Archive for the ‘Debt’ Category


Spain Will Default (or Need a Bailout).

In Debt on April 2, 2011 by CQCA

Spain’s sovereign debt has exploded since the crisis began. Between February, 2010, and February, 2011, Spain’s debt increased 17.5%. Investors fear that the problems in Greece and Ireland will spread into Spain, but Spain’s economy is much larger than Greece, Ireland, and Portugal’s economies, combined.

Spain’s debt-to-GDP ratio has risen from 32.94% in 2008 to 50.88% in 2010. But a much more important indicator is the maturity of that debt.

Spain owes €120 billion by the end of 2011, and 45% of its €557 billion debt by 2013. According to the OECD, the Spanish government spent €482.6 billion in 2009. The central government would have to cut 24.86% of its 2009 budget just to pay debt maturing in 2011. That would involve cutting all the money it spent on defense, public order and safety, environmental protection, housing and community amenities, recreation, culture, religion, and education.

However, instead of making cuts, the Spanish government has been pushing debt further out into the future.

The Spanish government has decreased the issue of treasury bills with a maturity of less than one year. The total amount of 18 month, 3 year, 10 year, and 15 year bonds have all increased by at least 10% since February, 2010.

About 45% of Spain’s debt is held by Spanish banks. According to the Bank of Spain’s February, 2011 Statistical Bulletin, the Spanish financial institutions had €4.6 trillion worth of liabilities in December, 2010. But Spanish banks are not the largest group of holders of Spanish sovereign debt, foreign governments, institutions, and persons are.

France, Germany, and Italy are the largest holders of Spanish debt. If Spain defaults, this could cause contagion to spread into Western and Central European governments.

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Japan’s Debt Monetization.

In Debt on March 26, 2011 by CQCA

As of January, 2011, the government of Japan owed ¥923.606 trillion. Japan’s GDP in 2010 was ¥477.3 trillion, meaning Japan has a debt to GDP ratio of 193.5%, the highest in the world.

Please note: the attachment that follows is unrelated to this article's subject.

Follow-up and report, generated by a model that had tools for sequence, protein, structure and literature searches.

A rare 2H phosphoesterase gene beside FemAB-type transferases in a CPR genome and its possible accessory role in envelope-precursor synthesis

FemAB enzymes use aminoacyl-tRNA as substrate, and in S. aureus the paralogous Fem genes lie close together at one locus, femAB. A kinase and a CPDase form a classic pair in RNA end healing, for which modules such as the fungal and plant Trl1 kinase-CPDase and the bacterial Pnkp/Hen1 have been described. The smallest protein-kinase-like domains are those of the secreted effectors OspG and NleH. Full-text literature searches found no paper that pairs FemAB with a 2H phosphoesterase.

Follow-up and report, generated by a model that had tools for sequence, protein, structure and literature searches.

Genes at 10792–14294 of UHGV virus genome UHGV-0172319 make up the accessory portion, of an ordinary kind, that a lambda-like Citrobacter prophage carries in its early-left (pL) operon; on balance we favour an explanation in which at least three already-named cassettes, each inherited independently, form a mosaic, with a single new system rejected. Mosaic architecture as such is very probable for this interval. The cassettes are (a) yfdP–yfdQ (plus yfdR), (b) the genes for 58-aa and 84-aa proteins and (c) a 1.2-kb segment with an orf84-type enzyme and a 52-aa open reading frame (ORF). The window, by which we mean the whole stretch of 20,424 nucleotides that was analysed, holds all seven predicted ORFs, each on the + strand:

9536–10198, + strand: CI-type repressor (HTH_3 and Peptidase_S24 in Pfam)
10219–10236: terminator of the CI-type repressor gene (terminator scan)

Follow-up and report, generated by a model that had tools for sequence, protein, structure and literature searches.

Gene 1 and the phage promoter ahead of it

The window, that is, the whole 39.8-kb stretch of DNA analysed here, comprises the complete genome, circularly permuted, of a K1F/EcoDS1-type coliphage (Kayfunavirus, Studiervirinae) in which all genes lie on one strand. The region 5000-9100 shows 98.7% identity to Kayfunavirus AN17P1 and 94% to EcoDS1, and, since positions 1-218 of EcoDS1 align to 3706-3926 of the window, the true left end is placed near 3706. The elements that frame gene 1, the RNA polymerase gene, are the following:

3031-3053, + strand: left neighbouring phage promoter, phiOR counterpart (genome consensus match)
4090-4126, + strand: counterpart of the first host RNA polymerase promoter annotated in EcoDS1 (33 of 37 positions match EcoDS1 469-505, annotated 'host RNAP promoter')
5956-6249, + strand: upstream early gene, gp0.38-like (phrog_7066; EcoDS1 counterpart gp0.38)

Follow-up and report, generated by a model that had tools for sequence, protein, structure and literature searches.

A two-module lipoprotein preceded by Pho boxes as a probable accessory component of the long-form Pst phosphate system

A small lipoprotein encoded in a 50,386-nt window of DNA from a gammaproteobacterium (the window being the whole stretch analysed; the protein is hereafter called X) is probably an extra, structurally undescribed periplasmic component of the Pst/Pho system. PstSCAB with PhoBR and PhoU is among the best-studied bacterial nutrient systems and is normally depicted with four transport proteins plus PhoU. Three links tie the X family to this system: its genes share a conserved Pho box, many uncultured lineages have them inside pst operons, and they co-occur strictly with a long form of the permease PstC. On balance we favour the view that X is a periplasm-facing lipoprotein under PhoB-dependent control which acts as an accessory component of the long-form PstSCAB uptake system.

Japan simply cannot repay this by cutting spending or raising taxes. Japan will have to default, or expand the money supply, with the second being a much more likely scenario.

The M3 figure for the Yen in January, 2011 stood at ¥1,085.3 trillion. Assuming Japan inflates its money supply to pay its debts, it would have to increase its money supply by 85%.

This would mark the end of one of the most stable currencies in the world.

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Why Just Focus on Government Debt?

In Debt on March 15, 2011 by CQCA Tagged: ,

Are you worried about the Federal debt going over 100% of GDP?  The overall picture is worse than that.

The Federal Reserve’s flow of funds summary statistics for the fourth quarter of 2010 showed that total U.S. debt was $50.5 trillion.  That number includes household (mortgage, consumer), business, state, local, federal, and financial institution debt.[1] If U.S. intragovernmental holdings are included, the total is over $55.1 trillion.[2] The U.S. GDP for the same period was $14.86 trillion.[3]

This means that the debt to GDP ratio of the entire United States is 372%.  For every one dollar made, $3.72 is owed.  Not only is U.S. government debt approaching 100% of gross domestic product, all U.S. debt (public, commercial, and private) is quickly approaching 100% of world GDP.[4]

[1] Federal Reserve data on Flow of Funds Accounts of the United States, Fourth Quarter 2010.

[2] Treasury data on intragovernment holdings, December 31, 2010.

[3] Bureau of Economic Analysis. “National Income and Product Accounts: Gross Domestic Product, 4th Quarter and Annual 2010.” February 25, 2011.

[4] The World GDP figure is from the International Monetary Fund’s data.




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